Tuesday, August 07, 2018
tuesday in the park with steve
I like chaos.
That is one reason I travel. To shake myself out of routine. Mingling in crowds. Talking to strangers. Being beset with odd noises and aromas.
But, I also like tranquility now and then. On each of my trips, I look for a place where I can sit in peace to read a book and sip some tea.
In San Miguel de Allende, there are two obvious candidates. The first is the jardin -- the town's main square.
It is an immaculately-maintained pocket park. Plenty of benches. Some shaded by well-trimmed ficus like French soldiers ready for inspection.
Some people believe a person who stays long enough at Piccadilly Circus will eventually bump into everyone they know. If that is true, people on their way there first pass through the jardin.
The park is great for watching the vagaries of our race -- especially, some of Mexico's privileged class. But it is far from tranquil.
Opening a book seems to be the universal lantern in the tower for every vendor, tourist, and beggar to interrupt my reverie. At least, the frequent ringing of the city's church bells are a melodic diversion.
I brought my Ted Kooser poetry book with me. I was in the middle of his "An Old Photograph" about an elderly farm couple ("How far apart/ they sit; not touching at shoulder/ or knee, hands clasped in their laps/ as if under each pair was a key/ to a trunk hidden somewhere,/ full of those lessons one keeps/ to oneself.") when I was pulled back to the park by a woman's voice.
I looked up to see a sour face. Fir a moment, I thought I had conjured up Kooser's farm wife. She was dressed as if she was auditioning for a role in Richard Lander's former blog.
"Get that thing out of the jardin," she said pointing at me. Or, at least, I think that it what she said. Bitterness clipping her syllables.
Now, I had many things with me. And none of them were disposed to leave the jardin at just that moment.
I smiled in my smarmiest manner, and pleasantly answered: "I'm sorry. I do not remember marrying you."
My humor was lost on this righteous crusader. Apparently, strewn pearls were not to her liking.
"I'm talking about that." She then nudged my cup of mint tea with the toe of her combat sandals. Had she had a Carrie Nation touch, she would have kicked it over.
"It is a corporate act of aggression against the citizens of the planet." For a moment I thought she was going to launch into a Jeremy Corbyn diatribe.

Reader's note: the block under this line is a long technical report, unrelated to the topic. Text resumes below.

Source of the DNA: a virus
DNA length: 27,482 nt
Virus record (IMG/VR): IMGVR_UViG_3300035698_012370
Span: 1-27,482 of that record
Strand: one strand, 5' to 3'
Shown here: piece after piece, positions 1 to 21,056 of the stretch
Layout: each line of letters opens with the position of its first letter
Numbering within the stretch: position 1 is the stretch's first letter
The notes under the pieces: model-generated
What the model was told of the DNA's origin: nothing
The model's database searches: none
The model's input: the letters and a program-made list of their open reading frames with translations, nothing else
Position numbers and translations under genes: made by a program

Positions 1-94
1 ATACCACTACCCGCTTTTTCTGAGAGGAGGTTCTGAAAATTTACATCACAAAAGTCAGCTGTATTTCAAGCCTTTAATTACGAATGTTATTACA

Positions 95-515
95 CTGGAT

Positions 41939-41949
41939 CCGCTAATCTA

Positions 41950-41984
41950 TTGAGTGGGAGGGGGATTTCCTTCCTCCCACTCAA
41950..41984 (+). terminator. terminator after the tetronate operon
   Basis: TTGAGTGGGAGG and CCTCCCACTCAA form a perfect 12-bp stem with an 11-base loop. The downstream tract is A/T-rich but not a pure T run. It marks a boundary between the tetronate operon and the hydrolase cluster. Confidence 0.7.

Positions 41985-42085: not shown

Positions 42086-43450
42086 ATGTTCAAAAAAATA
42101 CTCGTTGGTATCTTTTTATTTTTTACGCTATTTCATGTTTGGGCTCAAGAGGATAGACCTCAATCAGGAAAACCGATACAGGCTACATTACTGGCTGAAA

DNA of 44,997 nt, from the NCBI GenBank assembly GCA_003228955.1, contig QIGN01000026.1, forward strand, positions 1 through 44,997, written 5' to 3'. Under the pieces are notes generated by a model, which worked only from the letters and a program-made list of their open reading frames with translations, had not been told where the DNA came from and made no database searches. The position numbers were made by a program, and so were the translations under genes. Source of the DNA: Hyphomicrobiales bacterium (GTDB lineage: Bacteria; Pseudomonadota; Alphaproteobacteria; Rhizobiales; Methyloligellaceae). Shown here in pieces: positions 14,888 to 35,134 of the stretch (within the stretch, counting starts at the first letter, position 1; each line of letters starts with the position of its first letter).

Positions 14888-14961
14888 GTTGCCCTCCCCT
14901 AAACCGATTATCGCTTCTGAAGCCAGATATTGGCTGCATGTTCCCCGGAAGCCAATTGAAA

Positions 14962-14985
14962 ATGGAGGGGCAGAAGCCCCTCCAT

Then, it hit me. My tea was in a Starbucks cup. I have encountered this particular cultural stereotype before. Attempting any rational discourse would have been as futile as asking her her thoughts on NAFTA or President Trump's proposed reform of legal immigration. After all, she had already concluded that I would be on the same curling team in heaven with Osama Bin Laden and Abu Bakr al-Baghdadi.
So, I once again smiled (this time the Oscar Wilde cynical smile), and told her: "I am staying right here. My cup is staying right there. And the Starbucks on the corner will still be there long after you are worm food."
I returned to my Kooser. She must have left because when I next glanced up, she was gone. Probably shuffling off to save an uncaring world one cup at a time while exponentially increasing the sales of Starbucks coffee by other accostees seeking a market retaliation.
I read two more poems, threw away my empty cup, and strolled to my second spot of tranquility. This one truly did offer a refuge from the throbbing rhythm of San Miguel de Allende's central area.
Benito Juarez Park. It is a mere three or four blocks from the jardin, but it may as well be four miles away.
The park is the perfect place to read poetry. Even though it has several play areas for children, it is large enough to find benches in the shade far from the madding crowd.
Its design is in the Frenck style -- built around a river ravine with diagonal paths intersecting at fountains. A botanist could spend hours merely identifying the various specimens.
But I was there to read poetry. And read I did.
There is far more to San Miguel de Allende than its touristy jardin. Benito Juarez Park is one of those places for me.
Now, refreshed with some Kooser, I am back to the chaos.